BirdLife in the Middle East: highlights from 2017 and hopes for 2018
Guest blog from Ibrahim Khader
The beginning of each year brings with it optimism, setting of new goals and hopes to achieve them. It also allows time to reflect on the previous year’s achievements and successes and to learn from past experiences to be better. For conservationists, it’s the time to recognizing existing and expected challenges to conserve Biodiversity and setting up objectives to overcome these challenges is a continuous and relentless effort. This is no different in the Middle East for both conservationists and conservation organizations, many of which are BirdLife Partners or affiliated organizations.
The Regional Partnership in the Middle East recognizes that the Illegal Killing of Birds continues to be the main direct threat to bird species, populations and sites in the region. Direct threats from the energy sector and the expansion of renewable energy development are emerging and expected to be the second most worrying threat to birds if avoidance and/or mitigation measure are not in place. Other indirect threats include the loss of habitats mainly on coastal sites, transformation of inland wetlands and changing landscapes.
Highlights from 2017
Despite the political challenges in the region, the partnership has achieved great conservation results either directly or in cooperation with other BirdLife regions and partners. We are particularly proud of the following.
- Publishing and launching the Arabic Birds of the Middle East by Porter and Aspinall.
- The Peace Treaty with migratory Birds in Lebanon with the support of the BirdLife Partner, the Society for the Protection of Nature in Lebanon.
- Publishing the first of its kind in the region, the Key Biodiversity Areas of Iraq
- BirdLife will be running a second phase of the Critical Ecosystem Partnership Fund with a grant of $1O million to help civil societies in the Mediterranean region protect important and threatened habitats.
- Assessing the scale of Illegal killing of birds in the Arabian Peninsula, Iran and Iraq, with the support of OSME
- To tackle illegal killing, the MAVA Foundation funded and launched the Safe Flyways programme.
- MAVA also funded a project to reduce impacts caused by the Energy sector.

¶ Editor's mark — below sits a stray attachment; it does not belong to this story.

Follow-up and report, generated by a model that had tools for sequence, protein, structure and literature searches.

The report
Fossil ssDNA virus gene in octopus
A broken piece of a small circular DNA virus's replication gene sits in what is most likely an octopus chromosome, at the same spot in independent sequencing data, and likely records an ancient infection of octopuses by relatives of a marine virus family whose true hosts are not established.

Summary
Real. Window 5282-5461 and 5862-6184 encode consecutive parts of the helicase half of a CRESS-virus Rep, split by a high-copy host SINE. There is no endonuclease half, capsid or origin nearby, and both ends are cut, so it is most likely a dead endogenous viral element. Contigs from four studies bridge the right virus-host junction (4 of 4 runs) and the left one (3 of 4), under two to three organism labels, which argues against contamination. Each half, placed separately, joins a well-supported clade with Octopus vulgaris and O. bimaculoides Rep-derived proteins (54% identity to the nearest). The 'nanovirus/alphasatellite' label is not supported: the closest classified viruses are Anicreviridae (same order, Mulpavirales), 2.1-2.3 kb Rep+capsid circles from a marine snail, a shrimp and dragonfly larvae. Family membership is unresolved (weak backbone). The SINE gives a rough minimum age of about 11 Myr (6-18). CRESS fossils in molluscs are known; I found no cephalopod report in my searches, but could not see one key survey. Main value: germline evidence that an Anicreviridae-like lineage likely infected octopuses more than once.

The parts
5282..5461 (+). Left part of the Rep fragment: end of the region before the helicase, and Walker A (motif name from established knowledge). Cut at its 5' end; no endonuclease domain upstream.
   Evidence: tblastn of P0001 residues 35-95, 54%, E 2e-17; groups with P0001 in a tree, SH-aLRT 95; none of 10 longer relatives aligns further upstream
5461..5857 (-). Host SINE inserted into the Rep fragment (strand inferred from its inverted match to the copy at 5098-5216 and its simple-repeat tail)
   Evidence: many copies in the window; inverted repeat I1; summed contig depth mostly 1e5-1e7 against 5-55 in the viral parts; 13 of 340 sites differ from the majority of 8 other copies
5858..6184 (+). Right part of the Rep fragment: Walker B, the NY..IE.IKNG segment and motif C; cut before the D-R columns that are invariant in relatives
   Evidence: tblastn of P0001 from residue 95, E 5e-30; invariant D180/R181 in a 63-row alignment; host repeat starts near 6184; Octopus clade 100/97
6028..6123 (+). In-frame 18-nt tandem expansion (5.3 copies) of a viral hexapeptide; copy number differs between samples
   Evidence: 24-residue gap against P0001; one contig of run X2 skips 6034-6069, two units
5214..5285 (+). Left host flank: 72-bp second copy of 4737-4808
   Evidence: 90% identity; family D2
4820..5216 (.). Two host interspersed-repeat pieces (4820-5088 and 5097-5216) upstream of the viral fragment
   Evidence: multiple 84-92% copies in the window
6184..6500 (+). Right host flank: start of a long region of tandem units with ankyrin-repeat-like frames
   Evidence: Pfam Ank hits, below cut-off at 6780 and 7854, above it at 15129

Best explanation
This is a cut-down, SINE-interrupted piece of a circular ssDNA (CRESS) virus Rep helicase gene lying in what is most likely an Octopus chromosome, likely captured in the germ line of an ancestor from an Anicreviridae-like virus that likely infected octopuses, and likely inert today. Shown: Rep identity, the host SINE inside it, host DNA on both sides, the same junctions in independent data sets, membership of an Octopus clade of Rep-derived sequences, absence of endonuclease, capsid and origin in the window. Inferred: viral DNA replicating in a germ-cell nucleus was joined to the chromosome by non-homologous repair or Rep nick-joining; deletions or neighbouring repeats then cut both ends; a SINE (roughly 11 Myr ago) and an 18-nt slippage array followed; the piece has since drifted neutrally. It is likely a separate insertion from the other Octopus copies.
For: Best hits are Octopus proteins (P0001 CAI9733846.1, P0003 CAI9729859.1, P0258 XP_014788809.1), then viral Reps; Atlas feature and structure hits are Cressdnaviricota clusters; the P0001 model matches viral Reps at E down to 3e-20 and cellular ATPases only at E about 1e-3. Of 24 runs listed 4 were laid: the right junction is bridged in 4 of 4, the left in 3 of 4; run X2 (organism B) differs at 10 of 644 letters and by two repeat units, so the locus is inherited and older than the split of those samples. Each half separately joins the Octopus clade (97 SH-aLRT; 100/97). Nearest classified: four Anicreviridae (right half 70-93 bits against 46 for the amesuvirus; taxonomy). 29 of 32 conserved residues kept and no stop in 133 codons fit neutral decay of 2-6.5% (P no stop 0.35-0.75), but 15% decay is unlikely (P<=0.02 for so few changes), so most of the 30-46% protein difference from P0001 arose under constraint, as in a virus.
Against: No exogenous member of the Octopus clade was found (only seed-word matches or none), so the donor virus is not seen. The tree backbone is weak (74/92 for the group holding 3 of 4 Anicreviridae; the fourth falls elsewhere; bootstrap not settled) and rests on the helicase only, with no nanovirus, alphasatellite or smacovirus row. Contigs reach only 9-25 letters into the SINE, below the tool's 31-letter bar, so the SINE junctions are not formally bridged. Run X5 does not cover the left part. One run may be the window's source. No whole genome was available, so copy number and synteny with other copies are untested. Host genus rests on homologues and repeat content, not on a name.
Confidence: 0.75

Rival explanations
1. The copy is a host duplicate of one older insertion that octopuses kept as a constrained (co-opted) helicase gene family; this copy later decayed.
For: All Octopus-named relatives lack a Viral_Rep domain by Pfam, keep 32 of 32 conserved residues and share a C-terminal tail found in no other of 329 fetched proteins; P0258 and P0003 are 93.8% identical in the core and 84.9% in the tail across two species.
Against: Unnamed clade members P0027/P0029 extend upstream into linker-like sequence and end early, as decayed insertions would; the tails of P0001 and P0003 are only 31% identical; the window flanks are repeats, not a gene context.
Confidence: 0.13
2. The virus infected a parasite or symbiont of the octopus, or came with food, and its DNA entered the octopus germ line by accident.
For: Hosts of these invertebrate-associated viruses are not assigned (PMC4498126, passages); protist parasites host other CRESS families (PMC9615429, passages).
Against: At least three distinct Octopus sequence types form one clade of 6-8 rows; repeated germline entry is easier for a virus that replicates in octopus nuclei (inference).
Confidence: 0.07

- The Egyptian Vulture’s future is looking a little less grim with thanks to a €5.8 million LIFE grant. The programme will be led by the Bulgarian Society for the Protection of Birds (BirdLife in Bulgaria).
- The MAVA Foundation made the first major grant into our brand new Capacity Development Fund to benefit 12 BirdLife Partners around the Mediterranean region.
- The second tranche of finance for the GEF/UNDP Migratory Soaring Birds programme was secured.
- A survey of the wintering grounds of the Sociable Lapwing was undertaken in Saudi Arabia in autumn 2017.
Outlook for 2018
Many of the achievements of 2017 will continue through 2018, some of spanning over five years. Many will surely open new opportunities for conservation action. Here are some priorities for the Middle East Regional Partnership and Secretariat that we will be facilitating throughout the year.
- 2018 will be in the third year of cooperation between OSME and BirdLife. This year we will celebrate the launch of the App of the Arabic Birds of the Middle East, which will be free to download on all mobile phones
- Publish the report, Assessing the Illegal Killing of Birds in the Arabian Peninsula, Iran & Iraq and prepare an action plan for addressing this very serious problem.
- Update the Important Bird and Biodiversity Areas (IBAs) of the United Arab Emirates and initiate an update of IBAs in the Kingdom of Saudi Arabia.
- Promote an analysis of the status of coastal wetlands in the Arabian Peninsula.
- Assess the status of IBAs in Syria.
- Implement a programme of capacity development opportunities to help BirdLife Partners in the Middle East.
- With the support of the Royal Society for the Conservation of Nature (the BirdLife Partner in Jordan) convene a Global Summit for the Flyways. This will be held in Abu Dhabi in association with other major conservation organization. The purpose of the summit is to mobilize leading thinkers and actors in the conservation of flyways to share experiences, advance actions and set agendas. We hope that this will help make flyways safer for migratory birds and enhance the conservation of important sites and habitats which provide vital services for birds and people.
May I end this short account with warm wishes and congratulations to OSME in its 50th year. BirdLife is proud to have such a close relationship.
Dr Ibrahim Khader has been the Regional Director for BirdLife Middle East Office since 2006. With a background in biology, he started his career in 1993 with the Royal Society for the Conservation of Nature (BirdLife in Jordan) as one of the earliest university volunteers in biodiversity conservation in Jordan. He was also a member of the team that undertook the first biodiversity baseline surveys for Dana Biosphere Reserve. Before joining Birdlife, Ibrahim worked for IUCN, the Ministry of Environment in Jordan and the University of Jordan.